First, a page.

Earlier today we presented a broader overview and preview of today’s 2pm October FOMC Minutes. The obvious question, however, is how will these minutes move markets?
Well, according to Goldman’s Sales and Trading desk, “expect today’s Minutes to be Dovish, as they will likely line up with Nov 2 FOMC statement (“The Fed said it will consider existing tightening steps, the lagged effect of policy, and “economic and financial developments”). On 11/2, market loved the above (S&P gapped up 125bps) which was latter walked back by Powell’s Hawkish 2:30pm press conference (“I would also say it’s premature to discuss pausing. It’s not something that we’re thinking about. That’s really not a conversation to be had now. We have a ways to go”).”
Goldman’s point is simple: the Minutes will focus on the statement, not Powell’s reaction to the market’s reaction to the Minutes – which was meant more to punish the market than to explain the Fed’s reaction function – and it’s why according to another Goldman trader, John Flood, “in a vacuum the mins should set the stage for the market to grind higher (yes some of this was pretraded on Tuesday) in what will be one of the lightest volume and most illiquid sessions of the year as we head into Turkey Day.“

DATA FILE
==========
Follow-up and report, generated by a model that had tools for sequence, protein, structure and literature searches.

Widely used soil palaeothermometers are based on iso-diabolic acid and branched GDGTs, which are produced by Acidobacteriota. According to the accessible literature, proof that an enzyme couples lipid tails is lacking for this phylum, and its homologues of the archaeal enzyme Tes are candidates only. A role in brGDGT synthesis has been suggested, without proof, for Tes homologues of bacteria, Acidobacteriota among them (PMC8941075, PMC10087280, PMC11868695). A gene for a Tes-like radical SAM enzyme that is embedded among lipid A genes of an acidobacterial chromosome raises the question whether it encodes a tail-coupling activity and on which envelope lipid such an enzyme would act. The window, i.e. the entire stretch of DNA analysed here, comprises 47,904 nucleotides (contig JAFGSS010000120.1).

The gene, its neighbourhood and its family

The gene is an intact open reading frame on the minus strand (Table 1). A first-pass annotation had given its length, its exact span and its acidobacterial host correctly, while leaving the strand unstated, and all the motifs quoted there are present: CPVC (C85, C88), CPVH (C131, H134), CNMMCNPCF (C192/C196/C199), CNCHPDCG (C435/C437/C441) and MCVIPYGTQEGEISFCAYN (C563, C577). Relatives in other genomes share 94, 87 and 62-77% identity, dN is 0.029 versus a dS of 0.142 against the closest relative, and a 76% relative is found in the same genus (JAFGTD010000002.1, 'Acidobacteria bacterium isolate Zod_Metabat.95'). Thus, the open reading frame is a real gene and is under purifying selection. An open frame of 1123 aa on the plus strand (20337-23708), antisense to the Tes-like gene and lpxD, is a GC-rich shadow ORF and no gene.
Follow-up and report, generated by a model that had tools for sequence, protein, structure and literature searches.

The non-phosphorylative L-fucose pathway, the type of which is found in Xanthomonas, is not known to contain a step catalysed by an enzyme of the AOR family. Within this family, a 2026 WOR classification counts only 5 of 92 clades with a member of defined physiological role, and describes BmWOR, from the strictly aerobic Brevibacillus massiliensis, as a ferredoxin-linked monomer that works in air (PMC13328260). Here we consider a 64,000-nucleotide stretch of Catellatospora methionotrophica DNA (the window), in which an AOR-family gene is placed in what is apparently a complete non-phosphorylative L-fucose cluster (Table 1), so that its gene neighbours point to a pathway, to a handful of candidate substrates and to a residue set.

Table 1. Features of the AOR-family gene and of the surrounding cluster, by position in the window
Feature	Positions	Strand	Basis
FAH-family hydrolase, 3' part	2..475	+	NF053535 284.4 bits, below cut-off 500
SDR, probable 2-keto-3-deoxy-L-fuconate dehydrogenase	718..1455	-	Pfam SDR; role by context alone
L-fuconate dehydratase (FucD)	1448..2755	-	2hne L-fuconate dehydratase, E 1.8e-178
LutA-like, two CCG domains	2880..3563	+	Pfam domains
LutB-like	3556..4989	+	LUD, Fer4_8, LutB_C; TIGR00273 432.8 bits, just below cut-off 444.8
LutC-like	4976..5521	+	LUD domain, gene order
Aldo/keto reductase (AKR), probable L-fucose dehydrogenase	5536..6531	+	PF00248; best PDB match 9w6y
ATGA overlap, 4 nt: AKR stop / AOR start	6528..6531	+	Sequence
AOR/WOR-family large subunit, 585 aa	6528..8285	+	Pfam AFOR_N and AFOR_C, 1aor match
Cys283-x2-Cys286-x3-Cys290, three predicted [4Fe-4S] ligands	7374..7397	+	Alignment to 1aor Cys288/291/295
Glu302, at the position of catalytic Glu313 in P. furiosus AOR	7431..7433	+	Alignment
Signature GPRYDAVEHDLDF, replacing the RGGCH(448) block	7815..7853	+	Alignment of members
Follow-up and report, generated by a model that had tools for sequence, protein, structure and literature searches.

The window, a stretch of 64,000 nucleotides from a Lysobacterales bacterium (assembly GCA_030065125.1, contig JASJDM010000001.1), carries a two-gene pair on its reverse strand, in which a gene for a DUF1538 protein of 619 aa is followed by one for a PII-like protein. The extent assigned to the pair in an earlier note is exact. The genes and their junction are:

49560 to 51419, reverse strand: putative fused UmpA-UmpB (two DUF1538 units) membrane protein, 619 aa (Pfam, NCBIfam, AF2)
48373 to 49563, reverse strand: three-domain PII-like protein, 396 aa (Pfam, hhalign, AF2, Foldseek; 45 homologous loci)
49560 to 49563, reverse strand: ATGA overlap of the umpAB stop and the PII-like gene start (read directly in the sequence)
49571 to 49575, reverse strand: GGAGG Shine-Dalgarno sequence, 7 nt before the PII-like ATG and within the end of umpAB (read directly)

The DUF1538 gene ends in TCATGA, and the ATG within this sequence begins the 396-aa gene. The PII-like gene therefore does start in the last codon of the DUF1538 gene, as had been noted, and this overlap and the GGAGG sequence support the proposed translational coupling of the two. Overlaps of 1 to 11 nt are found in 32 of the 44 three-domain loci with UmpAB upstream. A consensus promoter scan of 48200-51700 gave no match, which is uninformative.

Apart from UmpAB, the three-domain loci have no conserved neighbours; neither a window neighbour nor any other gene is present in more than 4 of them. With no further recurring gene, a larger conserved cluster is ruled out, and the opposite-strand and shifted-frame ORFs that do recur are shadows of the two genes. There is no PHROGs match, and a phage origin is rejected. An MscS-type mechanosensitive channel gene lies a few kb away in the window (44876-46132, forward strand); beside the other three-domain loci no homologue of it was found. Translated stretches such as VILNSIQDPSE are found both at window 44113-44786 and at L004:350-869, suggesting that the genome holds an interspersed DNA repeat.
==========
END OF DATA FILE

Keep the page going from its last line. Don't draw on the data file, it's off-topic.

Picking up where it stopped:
Some more from Flood:
Remember during FOMC on 11/2 S&P had its sharpest EVER selloff during a press conference (2:30pm to 4pm) as there was a true bifurcation between the official statement (dovish) and Powell’s commentary (hawkish) during the 2:30pm press conference…
Official Written Statement: The Fed said it will consider existing tightening steps, the lagged effect of policy, and “economic and financial developments” (all dovish phrases).
Powell during the 2:30pm press conference: “Okay. So I would also say it’s premature to discuss pausing. It’s not something that we’re thinking about. That’s really not a conversation to be had now. We have a ways to go. The last thing I’ll say is that I would want people to understand our commitment to getting this done and to not making the mistake of not doing enough or the mistake of withdrawing our strong policy and doing that too soon. I control those messages. That’s my job.”
As Flood concludes, the “Minutes should resemble the former. Buy stocks before they hit at 2pm.”